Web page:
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Overcoming the challenges of immunotherapy in non–small cell lung cancer

Presented by
Dr Sarah B. Goldberg, Dr Melissa Lynne Johnson, Dr Alexander Chi
ASCO 2019
Medical writer: Jasenka Piljac Žegarac, PhD

Several experts discussed the current challenges in the use of immunotherapy in non–small cell lung cancer (NSCLC)—the most common type of lung cancer—as well as strategies to overcome them, in the Interactive Case-Based Session “Challenges in Use of Immunotherapy in NSCLC: Where the Rubber Meets the Road,” held May 31. The session was chaired by Jyoti D. Patel, MD, FASCO, of the University of Chicago Medical Centre.

“The objectives are to understand the factors that affect the risk/benefit ratio of treatment with immune checkpoint inhibitors (ICIs) in patients with advanced NSCLC and to understand what challenges this poses in patients with dysregulated immunity, chiefly those with autoimmune diseases,” Dr. Patel said.

She further noted that it is important to understand: (1) how the data hold up in patients encountered in the clinic and not just those enrolled in clinical trials; (2) which patients are too high risk for ICIs; (3) what the boundaries are, if any, beyond which it is no longer safe to treat patients with ICIs; and (4) which clinicians need to be part of the care team for high-risk patients.
Immunotherapy in patients with underlying autoimmune disease

Sarah B. Goldberg, MD, of the Yale University School of Medicine, presented the first case: a 55-year-old man with a history of ulcerative colitis (UC) and smoking who was diagnosed with stage IV NSCLC. He had an ECOG performance status of 1. She asked the attendees how likely they were to treat this patient with immunotherapy as part of first-line therapy. The informal survey showed that the majority of respondents (approximately 56%) selected pembrolizumab alone as their therapy of choice, followed by carboplatin/pemetrexed/pembrolizumab (approximately 28%).

Dr. Goldberg said that it was “very reasonable to consider pembrolizumab as part of first-line treatment” in this patient because his UC was fairly mild and had been well controlled on sulfasalazine, but noted that there “should be a discussion with the patient about the risks and benefits of immunotherapy and the possibility of worsening UC.”

She summarized the data from the KEYNOTE-024 and KEYNOTE-189 trials, which demonstrated that pembrolizumab alone and pembrolizumab in combination with chemotherapy improved survival in patients with a PD-L1 tumour proportion score greater than or equal to 50% and any PD-L1 status, respectively.2,3

She continued by presenting the data on the prevalence of ADs in patients with lung cancer and noted that ADs are fairly common in this patient population. A total of 13.5% of patients in one study reported having any AD.4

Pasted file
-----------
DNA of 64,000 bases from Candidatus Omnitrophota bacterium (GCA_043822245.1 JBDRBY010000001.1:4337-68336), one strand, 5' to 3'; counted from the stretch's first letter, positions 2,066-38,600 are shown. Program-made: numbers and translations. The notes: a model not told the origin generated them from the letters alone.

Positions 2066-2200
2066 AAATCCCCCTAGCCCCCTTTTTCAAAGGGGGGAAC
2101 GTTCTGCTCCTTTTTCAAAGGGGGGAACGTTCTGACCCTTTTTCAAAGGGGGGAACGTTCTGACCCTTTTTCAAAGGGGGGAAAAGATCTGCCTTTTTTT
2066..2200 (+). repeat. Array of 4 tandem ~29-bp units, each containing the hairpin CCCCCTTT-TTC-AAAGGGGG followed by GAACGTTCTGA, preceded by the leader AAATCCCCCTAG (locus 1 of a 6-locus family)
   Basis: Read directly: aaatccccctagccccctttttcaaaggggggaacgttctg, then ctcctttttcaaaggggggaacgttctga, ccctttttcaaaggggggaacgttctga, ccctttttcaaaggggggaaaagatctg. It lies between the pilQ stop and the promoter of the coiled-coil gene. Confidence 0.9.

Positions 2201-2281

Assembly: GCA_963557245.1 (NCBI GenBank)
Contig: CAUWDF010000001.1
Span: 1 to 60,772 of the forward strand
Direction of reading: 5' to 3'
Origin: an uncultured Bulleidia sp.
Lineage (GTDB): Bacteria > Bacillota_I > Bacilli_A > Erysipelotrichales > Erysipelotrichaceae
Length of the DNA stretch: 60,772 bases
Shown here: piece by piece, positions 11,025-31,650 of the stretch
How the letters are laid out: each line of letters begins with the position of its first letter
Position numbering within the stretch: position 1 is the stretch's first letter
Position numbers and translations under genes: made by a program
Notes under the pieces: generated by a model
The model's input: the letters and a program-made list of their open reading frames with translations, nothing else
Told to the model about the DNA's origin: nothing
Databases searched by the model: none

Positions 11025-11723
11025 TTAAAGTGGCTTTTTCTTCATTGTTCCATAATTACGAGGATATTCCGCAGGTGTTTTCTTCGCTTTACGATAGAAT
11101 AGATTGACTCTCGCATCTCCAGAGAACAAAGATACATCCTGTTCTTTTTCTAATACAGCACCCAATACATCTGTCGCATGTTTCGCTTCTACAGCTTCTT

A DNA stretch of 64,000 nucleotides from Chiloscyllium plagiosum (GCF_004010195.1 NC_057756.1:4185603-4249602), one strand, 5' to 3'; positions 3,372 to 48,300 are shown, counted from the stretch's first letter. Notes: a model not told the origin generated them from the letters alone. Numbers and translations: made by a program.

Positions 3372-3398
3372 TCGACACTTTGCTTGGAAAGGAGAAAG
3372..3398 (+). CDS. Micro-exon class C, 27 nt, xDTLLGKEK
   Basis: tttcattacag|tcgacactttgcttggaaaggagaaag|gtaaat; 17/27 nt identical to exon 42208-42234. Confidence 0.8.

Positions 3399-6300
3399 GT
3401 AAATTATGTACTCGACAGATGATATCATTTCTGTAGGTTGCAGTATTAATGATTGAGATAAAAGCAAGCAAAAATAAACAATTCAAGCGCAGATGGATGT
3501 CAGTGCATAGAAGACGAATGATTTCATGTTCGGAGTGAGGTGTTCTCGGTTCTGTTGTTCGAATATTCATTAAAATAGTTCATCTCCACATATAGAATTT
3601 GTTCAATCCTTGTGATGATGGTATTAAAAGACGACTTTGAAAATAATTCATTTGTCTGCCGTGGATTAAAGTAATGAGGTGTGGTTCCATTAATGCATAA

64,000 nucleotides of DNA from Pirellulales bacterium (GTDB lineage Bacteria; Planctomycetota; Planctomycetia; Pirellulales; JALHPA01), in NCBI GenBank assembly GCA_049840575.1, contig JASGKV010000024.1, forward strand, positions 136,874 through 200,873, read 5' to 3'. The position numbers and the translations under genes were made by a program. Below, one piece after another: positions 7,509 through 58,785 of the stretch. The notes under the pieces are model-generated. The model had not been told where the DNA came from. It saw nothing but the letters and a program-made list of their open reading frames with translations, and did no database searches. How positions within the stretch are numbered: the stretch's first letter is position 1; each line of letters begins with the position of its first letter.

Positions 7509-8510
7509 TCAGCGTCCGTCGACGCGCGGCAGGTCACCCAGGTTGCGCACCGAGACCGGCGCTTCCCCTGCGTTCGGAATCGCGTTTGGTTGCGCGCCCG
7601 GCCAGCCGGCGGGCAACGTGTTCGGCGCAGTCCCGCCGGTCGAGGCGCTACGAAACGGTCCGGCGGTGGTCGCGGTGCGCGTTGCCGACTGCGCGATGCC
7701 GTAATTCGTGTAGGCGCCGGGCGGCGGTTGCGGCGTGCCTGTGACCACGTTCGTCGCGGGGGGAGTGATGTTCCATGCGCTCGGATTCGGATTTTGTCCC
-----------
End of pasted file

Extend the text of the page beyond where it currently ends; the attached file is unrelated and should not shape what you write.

“If you treat patients with lung cancer, then you will see patients with ADs,” she said. “The most common is rheumatoid arthritis at about 6%.”

Psoriasis (2.8%) was the second most common autoimmune comorbidity, followed by polymyalgia rheumatica (1.8%), Addison disease (1.0%), and systemic lupus erythematosus (0.9%).4
Immunotherapy in patients with renal insufficiency

Melissa Lynne Johnson, MD, of the Sarah Cannon Research Institute, presented the second case: a 59-year-old female with a history of smoking, non–insulin-dependent diabetes mellitus, gastroesophageal reflux disease (GERD), and hypertension who was diagnosed with metastatic adenocarcinoma with confirmed liver lesions. She was treated with four cycles of carboplatin/pemetrexed/pembrolizumab, during which time her creatinine increased from 0.85 to 1.33. On the third cycle of maintenance pemetrexed/pembrolizumab, the patient’s creatinine had increased to 2.5.

Dr. Johnson noted that this patient had additional risk factors for developing acute kidney injury (AKI) beyond use of immunotherapy, which included a history of diabetes and hypertension that were moderately well controlled, as well as a history of GERD for which she was treated with proton pump inhibitors (PPIs).

She outlined several important aspects that clinicians need to consider in patients on chemotherapy/immunotherapy combinations with worsening AKI, including ruling out alternative causes of AKI, grading the severity of kidney injury, and seeking an early nephrology consultation.
Immunotherapy for patients with poor performance status stage III disease

The third case was presented by Alexander Chi, MD, of West Virginia University. He discussed the treatment approach in an 84-year-old female with underlying chronic obstructive pulmonary disease and poor pulmonary function tests who was diagnosed with stage IIIb NSCLC. The patient’s MRI was negative for metastatic disease.

Dr. Chi said that, aside from the PACIFIC trial, “there is not a lot of data guiding the utilization of immunotherapy, mainly ICIs, in the stage III setting.”

In reflecting on the prevalence of pulmonary toxicity in NSCLC trials to date, he noted that the incidence of severe radiation pneumonitis was fairly low with concurrent chemotherapy with intensity-modulated radiation therapy (RTOG 0617 trial)7—only 3.5%—and that it was less than 5% with chemoradiation plus durvalumab combination therapy (PACIFIC trial).8 However, he also emphasized that the patients included in these trials are not necessarily representative of the patients encountered in the clinics because, in addition to having an excellent functional performance status, most of them had no prior autoimmune disease, no immunodeficiency of immunosuppression, and no primary cancer within 3 to 5 years.

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